I was intrigued and then a bit confused by this iPhone column written last month by my friend and former colleague Noah Elkin. The intrigue came from considering the iPhone as bringing the dawn of mobile “Web 2.0” and then the confusion came when I realized that Noah was not talking about mobile “Web 2.0” but “Mobile Web” 2.0 — the tyranny of punctuation-specific jargon.
In any case, it’s one of the first pieces I’ve read to discuss the Web content implications of the iPhone. Noah’s raises valid points about the iPhone’s slow 2.5G radio and limited installed base for the foreseeable future. He also anticipates a backlash against mobile marketing. Apple is promising a “desktop-like” browsing experience courtesy Safari. Java won’t be supported but I believe that Flash will. If not, it should be.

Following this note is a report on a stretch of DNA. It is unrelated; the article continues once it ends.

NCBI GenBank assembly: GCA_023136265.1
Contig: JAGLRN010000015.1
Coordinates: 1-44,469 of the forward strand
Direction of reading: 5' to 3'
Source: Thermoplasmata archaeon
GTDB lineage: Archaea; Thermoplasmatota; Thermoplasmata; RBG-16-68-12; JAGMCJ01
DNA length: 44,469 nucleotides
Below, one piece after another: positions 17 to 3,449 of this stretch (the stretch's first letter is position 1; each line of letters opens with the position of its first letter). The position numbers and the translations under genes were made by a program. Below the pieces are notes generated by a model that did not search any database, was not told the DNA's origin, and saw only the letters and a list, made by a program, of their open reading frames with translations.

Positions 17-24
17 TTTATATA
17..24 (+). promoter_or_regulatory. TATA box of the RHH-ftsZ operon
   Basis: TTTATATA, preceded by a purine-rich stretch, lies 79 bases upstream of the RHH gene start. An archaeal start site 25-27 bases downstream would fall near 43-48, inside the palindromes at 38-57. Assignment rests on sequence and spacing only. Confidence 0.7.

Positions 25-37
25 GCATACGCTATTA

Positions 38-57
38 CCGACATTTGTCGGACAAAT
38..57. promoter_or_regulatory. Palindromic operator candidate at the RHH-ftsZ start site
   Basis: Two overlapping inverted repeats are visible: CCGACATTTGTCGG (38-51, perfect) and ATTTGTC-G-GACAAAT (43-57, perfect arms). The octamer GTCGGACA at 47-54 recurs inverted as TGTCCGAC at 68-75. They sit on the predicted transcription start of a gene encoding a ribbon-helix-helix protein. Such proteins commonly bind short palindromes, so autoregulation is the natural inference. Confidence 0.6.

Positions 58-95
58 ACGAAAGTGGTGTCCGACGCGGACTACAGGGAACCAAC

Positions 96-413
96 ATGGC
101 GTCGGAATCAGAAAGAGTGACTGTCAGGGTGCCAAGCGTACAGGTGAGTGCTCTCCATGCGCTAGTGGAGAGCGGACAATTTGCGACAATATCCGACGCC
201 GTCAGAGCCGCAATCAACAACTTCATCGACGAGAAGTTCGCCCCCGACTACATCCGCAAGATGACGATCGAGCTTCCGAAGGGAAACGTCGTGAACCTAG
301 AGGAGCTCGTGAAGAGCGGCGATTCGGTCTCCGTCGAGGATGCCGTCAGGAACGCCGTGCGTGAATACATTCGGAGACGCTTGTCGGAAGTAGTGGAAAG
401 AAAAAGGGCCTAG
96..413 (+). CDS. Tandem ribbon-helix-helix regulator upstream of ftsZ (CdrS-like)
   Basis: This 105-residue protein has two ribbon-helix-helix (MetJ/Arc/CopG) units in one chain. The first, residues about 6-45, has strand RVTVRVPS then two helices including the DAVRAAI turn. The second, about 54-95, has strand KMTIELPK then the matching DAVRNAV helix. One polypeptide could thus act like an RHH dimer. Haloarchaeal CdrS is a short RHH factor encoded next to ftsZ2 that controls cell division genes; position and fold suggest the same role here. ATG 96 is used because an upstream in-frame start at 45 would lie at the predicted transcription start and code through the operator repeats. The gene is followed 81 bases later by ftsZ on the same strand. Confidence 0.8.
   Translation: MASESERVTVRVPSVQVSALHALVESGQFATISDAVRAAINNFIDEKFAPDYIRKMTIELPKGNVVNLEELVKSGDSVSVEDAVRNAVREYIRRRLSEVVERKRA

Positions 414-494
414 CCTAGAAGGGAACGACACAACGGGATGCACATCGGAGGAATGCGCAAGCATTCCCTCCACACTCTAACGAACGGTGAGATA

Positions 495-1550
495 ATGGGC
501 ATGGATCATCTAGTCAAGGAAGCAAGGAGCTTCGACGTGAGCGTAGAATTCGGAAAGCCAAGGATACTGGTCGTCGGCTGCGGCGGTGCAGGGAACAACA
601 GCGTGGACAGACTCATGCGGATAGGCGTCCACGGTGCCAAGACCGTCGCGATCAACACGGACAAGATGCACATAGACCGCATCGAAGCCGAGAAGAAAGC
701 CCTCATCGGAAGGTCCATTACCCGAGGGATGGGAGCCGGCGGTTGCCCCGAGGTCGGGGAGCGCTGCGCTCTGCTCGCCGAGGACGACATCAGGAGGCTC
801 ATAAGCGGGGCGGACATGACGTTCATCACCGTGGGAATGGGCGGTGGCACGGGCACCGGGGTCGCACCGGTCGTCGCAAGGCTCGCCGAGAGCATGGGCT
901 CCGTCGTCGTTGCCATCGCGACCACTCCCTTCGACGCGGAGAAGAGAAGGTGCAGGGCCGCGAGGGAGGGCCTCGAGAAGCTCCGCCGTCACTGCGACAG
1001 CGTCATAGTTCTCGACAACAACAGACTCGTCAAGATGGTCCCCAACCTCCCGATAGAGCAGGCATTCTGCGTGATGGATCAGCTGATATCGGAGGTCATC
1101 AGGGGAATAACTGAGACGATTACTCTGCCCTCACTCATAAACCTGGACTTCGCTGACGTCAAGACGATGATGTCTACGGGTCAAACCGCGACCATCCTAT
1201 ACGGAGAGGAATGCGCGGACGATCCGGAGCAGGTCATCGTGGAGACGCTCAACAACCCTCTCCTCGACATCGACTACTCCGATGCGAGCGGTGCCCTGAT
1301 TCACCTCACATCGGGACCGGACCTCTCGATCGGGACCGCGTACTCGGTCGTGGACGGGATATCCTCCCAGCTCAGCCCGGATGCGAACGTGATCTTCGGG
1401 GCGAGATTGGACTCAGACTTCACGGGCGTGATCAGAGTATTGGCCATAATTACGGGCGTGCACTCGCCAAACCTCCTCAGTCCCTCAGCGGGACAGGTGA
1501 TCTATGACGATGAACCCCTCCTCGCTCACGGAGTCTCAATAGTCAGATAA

The better Apple executes on that desktop experience (and the browsing UI is definitely one of the most promising features shown to date), the less distinction there will be between the next generation of the “mobile Web” and the one we access from our PCs in terms of information access (Web 1.0). We’ve also yet to see if the iPhone’s version of Safari will support RSS as the Mac’s does. However, there’s even greater potential if Web developers target the iPhone for the application-like features commonly associated with Web 2.0.
Certainly in the short-term, it could provide some relief for Apple’s third-party lock-out, but many Web 2.0 interfaces would have to be recreated to be optimized for the lower resolution and finger-driven interfaces of the iPhone. Apple should also open up widgets to third parties. It’s a limited access environment, after all, and third-party adoption was key to widgets’ success on Tiger.